5 Thoughts - Heisman Hypocrisy?
Texas Tech QB Graham Harrell
Considering all the love for Hawaii's Colt Brennan, why isn't Texas Tech's Graham Harrell in the Heisman race? Why USC will have to earn its way into the national title game, Rutgers running it up, the greatness of Boston College, and a scheduling idea to make life better, in the latest 5 Thoughts.
Week 1 |
Yeah, But USC Is Still
Good No Matter What
one has ever denied that USC hasn't been unbelievably good under Pete
Carroll. In the recent years when the Men of Troy didn’t have the best
team in America, it wasn’t far behind and was probably number two.
However, many fans, especially in the SEC, have had a bit of a gripe
over recent years.
“Yeah, USC might be amazing, but it gets to play in the Pac 10.”
That's nothing to beef about anymore.
The performances of Arizona and UCLA this last weekend notwithstanding,
the Pac 10 is stronger, by a long shot, than it’s been since USC started
its run of recent greatness, and while it still might not be better than
the SEC, this year, it’s not all that far off.
If you’re going to gush over Florida for whomping Tennessee, then you
have to give California the same love. Michigan might not be Michigan
at the moment, but Oregon was still unbelievable in The Big House,
and rolled this week over the same Fresno State team that took Texas A&M
to three overtimes. Arizona State has played at a ridiculously high
level early on, while Oregon State, UCLA, Washington and Washington
State, despite recent setbacks, all appear to be just nasty enough to
give the Trojans a push if everything breaks the right way.
Remember, the argument SEC fans like to make is that the long season is
a weekly grind. Sure, Florida might have been the league’s best team
last year, but it’s hard to get through unscathed when you have to play
Tennessee, then Kentucky, then Alabama, then LSU, then Auburn, and then
Georgia. That’s part of the reason why the Gators only beat Vanderbilt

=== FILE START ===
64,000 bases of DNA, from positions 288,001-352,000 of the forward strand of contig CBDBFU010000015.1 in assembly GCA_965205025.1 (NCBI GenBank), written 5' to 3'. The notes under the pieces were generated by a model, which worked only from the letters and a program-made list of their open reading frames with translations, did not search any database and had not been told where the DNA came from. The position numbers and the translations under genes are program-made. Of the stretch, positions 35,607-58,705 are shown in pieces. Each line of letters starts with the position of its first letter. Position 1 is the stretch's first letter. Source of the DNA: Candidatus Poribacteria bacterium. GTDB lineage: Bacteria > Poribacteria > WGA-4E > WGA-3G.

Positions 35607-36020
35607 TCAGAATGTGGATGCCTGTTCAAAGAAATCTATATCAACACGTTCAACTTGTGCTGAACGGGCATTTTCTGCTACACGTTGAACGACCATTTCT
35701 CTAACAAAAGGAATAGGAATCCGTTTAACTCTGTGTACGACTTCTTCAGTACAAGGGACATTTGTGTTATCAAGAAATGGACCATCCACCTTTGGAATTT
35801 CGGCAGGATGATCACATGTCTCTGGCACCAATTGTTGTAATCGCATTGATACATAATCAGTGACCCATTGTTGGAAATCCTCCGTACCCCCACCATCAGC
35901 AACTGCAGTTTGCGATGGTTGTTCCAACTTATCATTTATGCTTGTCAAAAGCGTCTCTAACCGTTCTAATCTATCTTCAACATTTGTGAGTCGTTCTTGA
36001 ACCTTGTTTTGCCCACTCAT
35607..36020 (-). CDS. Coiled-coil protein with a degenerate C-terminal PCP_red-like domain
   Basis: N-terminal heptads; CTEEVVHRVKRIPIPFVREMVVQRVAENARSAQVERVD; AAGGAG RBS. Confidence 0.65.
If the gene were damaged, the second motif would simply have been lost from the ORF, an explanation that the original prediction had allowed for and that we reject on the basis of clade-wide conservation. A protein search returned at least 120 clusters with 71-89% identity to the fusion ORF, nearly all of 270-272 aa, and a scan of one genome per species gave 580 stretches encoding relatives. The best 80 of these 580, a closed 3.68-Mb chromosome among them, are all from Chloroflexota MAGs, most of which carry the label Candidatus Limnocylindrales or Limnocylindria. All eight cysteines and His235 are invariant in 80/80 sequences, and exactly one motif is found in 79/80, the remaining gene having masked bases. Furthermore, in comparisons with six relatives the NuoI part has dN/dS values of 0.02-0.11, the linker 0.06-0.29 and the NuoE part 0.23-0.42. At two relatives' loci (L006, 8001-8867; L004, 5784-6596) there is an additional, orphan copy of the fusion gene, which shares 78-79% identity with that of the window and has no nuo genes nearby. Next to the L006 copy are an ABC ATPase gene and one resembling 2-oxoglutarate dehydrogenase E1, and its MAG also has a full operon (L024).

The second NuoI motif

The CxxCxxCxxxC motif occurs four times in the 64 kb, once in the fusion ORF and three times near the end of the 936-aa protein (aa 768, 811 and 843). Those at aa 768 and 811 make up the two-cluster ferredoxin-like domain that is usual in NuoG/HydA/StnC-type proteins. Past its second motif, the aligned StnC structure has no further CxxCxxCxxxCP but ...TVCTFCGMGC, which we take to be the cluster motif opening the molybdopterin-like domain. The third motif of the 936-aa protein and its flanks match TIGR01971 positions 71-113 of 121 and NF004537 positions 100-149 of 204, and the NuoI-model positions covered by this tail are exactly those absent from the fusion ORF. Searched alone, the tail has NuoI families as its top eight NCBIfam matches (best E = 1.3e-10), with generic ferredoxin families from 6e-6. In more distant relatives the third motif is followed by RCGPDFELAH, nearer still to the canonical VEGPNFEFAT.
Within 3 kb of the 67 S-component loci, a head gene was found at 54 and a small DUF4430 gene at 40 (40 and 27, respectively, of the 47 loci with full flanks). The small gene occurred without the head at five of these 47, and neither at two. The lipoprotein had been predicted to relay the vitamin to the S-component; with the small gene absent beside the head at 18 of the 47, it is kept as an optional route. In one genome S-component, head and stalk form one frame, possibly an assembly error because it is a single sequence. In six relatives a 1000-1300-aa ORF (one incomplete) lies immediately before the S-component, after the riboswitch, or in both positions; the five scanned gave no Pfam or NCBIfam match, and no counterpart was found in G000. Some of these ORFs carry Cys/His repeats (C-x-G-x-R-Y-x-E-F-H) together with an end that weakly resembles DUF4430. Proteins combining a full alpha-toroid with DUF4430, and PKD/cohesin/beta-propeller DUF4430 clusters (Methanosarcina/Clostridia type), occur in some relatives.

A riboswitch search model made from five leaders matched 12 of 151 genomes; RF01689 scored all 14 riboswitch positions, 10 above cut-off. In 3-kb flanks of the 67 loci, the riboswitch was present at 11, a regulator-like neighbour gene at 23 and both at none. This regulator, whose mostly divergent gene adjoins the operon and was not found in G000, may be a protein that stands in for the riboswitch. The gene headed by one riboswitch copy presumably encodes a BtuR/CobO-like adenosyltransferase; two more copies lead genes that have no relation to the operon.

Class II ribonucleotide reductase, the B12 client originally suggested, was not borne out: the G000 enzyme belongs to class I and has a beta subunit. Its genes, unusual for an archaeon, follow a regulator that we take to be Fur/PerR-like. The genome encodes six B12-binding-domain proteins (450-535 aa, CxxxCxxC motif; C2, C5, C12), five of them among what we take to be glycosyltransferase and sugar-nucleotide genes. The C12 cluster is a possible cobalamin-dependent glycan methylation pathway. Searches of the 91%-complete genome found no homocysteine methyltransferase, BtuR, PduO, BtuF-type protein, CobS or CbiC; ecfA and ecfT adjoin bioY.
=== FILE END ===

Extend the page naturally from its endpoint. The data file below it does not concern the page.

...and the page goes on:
25-19 after coming off that stretch. Now the same can possibly be said
for USC. The Trojans are better than everyone in the Pac 10, but it’s
not going to be easy when they’ll have to play at Oregon, then Oregon
State, then at California, then at Arizona State, and then UCLA. Can
they maintain their focus? They couldn't do it last year, and now the
league is far better. If USC gets through it without a loss, it'll have
truly earned its way to New Orleans.
A Little Love For
Two words to describe the Heisman hypocrisy:
Graham Harrell. When Hawaii gunslinger Colt Brennan is considered in
many circles to be one of this year's front-runners for Old Stiff Arm,
how is it that Harrell, an equally prolific passer in an equally
pass-happy offense, isn't even on the radar? Both entered the season
with résumés, throw about 50 times a game, and play for unbeaten
programs that'll likely be bowling later this year. In fact, Harrell has
faced a slightly tougher schedule so far, plays in the Big 12, and has
more yards and touchdown passes than Brennan, despite breaking in an
almost entirely new receiving corps. So why is he an afterthought to the
same people that are so quick to anoint Brennan? The harsh reality is
that too many voters and opinion-makers are lazy in these matters,
taking the obvious road rather than digging a little deeper for the
truth. I've got no beef with the people that want to champion Brennan
for individual honors. He's a statistical monster and much more than
just a system quarterback. However, if he's on your early short list for